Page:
Timeline

A timeline of key events in the development of policy and practice for the management of eclampsia and pre-eclampsia in South Africa was constructed iteratively. At each interview respondents were asked to comment on or add to the timeline. The timeline was also shared with colleagues working in the field. Relevant bibliographical and conference databases, as well as the websites of organisations such as the National Department of Health in South Africa and the Cochrane Collaboration, were also searched for information.

Interviews

Between 2004 and 2005 individual qualitative interviews were conducted by KD and SL with fifteen local researchers based in tertiary units for obstetric care and midwifery and government officials (past and present). These interviews were structured around a flexible interview schedule designed to address all facets of the research question. The respondents were identified using a combination of purposive sampling (through which respondents were identified prospectively by the research team) and 'snowballing' (through which respondents were identified during the process of the research) [38]. In sampling, attention was given to fair dealing and seeking out negative cases [34]. Sampling was stopped once we had reached data saturation and once we were also assured that we had reached all relevant respondents. The interviews were audio-recorded and then transcribed verbatim. The analysis was conducted using these verbatim transcripts.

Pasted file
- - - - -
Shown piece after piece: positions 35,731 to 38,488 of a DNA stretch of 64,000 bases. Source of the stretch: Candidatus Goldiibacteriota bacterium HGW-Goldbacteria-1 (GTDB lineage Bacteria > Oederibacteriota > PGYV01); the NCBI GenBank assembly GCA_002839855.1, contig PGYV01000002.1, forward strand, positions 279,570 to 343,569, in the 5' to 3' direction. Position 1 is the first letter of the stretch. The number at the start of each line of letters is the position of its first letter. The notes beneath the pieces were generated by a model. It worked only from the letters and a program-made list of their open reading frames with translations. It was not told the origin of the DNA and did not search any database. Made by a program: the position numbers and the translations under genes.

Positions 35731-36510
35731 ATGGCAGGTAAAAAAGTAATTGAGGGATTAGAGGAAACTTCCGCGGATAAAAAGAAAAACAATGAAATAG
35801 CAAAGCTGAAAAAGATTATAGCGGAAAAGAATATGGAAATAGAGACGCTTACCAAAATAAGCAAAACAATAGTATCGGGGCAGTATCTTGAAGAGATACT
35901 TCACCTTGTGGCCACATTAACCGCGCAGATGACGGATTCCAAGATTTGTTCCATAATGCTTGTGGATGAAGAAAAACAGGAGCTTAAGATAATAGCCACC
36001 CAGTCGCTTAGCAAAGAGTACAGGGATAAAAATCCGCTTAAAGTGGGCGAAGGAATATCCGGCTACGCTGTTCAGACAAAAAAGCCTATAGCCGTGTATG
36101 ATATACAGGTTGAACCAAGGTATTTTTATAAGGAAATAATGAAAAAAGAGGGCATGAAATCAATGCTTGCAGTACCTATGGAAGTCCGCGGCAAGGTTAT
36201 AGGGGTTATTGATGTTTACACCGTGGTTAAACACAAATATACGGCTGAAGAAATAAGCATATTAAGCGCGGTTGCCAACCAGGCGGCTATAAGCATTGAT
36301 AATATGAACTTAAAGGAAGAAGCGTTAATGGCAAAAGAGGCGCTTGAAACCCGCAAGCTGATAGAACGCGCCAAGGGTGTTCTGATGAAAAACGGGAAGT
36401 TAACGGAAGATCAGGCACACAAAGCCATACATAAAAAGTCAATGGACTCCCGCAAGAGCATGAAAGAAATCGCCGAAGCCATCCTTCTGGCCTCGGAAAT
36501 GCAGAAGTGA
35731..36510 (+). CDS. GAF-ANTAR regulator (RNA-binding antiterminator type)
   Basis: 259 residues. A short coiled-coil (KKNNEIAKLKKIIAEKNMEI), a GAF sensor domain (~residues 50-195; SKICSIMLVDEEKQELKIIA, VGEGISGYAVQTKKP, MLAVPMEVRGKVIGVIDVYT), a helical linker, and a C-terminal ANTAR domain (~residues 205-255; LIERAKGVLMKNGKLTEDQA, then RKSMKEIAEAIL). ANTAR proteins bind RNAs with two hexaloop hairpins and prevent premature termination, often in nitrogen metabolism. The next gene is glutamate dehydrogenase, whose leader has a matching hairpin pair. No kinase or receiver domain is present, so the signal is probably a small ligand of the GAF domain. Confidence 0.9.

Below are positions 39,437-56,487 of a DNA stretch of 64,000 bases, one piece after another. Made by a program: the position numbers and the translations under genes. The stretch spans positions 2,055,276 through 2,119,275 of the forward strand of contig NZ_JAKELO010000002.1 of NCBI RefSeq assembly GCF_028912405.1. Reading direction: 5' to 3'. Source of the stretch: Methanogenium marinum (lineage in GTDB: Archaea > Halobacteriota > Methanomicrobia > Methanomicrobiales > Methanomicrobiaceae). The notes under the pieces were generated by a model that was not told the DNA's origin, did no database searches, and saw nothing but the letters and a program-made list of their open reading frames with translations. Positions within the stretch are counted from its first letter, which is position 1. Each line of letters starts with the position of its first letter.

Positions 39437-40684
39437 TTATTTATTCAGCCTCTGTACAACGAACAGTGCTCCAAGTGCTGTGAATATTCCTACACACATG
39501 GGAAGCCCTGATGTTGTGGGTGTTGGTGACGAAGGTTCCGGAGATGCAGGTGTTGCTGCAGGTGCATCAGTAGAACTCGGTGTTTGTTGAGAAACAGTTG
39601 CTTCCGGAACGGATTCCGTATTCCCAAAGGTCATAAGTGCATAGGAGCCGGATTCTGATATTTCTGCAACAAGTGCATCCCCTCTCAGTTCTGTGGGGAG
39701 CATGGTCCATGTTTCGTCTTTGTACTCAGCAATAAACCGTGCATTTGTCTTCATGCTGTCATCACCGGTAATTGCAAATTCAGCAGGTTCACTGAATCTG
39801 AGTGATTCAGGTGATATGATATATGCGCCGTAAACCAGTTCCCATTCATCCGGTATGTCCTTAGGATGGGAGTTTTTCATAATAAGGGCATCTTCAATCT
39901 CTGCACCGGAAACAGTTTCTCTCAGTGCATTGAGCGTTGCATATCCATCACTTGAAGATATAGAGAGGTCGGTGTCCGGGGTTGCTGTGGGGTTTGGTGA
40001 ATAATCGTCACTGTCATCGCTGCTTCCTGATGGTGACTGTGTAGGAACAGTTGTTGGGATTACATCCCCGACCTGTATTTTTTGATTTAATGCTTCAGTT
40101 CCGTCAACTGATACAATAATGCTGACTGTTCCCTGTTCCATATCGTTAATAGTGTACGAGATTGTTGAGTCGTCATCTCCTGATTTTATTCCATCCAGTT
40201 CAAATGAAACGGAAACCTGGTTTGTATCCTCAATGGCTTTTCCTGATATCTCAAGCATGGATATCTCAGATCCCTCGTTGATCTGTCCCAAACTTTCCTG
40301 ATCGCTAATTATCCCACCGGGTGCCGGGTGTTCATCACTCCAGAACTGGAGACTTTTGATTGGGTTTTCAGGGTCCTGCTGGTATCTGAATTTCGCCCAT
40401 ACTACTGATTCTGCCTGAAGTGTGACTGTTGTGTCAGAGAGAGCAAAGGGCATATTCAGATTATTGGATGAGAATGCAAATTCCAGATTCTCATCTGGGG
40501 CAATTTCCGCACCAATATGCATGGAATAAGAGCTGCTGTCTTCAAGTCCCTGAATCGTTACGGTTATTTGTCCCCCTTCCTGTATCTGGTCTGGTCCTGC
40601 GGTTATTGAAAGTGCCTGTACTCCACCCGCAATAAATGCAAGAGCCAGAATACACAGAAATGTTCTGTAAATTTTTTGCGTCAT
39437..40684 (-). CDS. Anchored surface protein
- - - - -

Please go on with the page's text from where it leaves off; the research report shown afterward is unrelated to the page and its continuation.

Our respondents had all been trained in either midwifery (4) or obstetrics and gynaecology (11). They were all either active in the policy and guideline development process or were very knowledgeable about this area. Four respondents were currently or formally employed by the National Department of Health. One respondent was a practising midwife and nursing tutor. The other eight were academic researchers (professors and associate professors). One respondent had held a senior position both in the national department and as an academic researcher.

Analysis

An inductive thematic content analysis was conducted [39]. The process was lead by KD, supervised by SL and internally validated by the wider research team. After immersion in the transcripts, these were coded for both latent and manifest themes [40]. Data extracts assigned to each code were cut and pasted into a Word document, which was shared and checked between KD and SL. Out of this process a narrative account of the data was written up as the key research findings, some of which are presented here. The findings are illustrated further by data extracts selected on the basis of being representative and/or interesting illustrations of each of the themes [41].

When using an inductive approach to data coding, the researcher anticipates that themes and issues will emerge from the data set rather than applying a predefined set of codes to the data. Out of our initial analysis of the data on knowledge translation for policies on the management of pre-eclampsia/eclampsia, the growth of a culture of evidence-based medicine emerged as a major theme. Thus we felt that this important component of the process needed discussion in its own right and not just as a part of our understanding of knowledge translation. This paper therefore focuses on what we have learnt about the growth of a culture of evidence-based medicine in obstetrics through our broader study of knowledge translation.

Ethical issues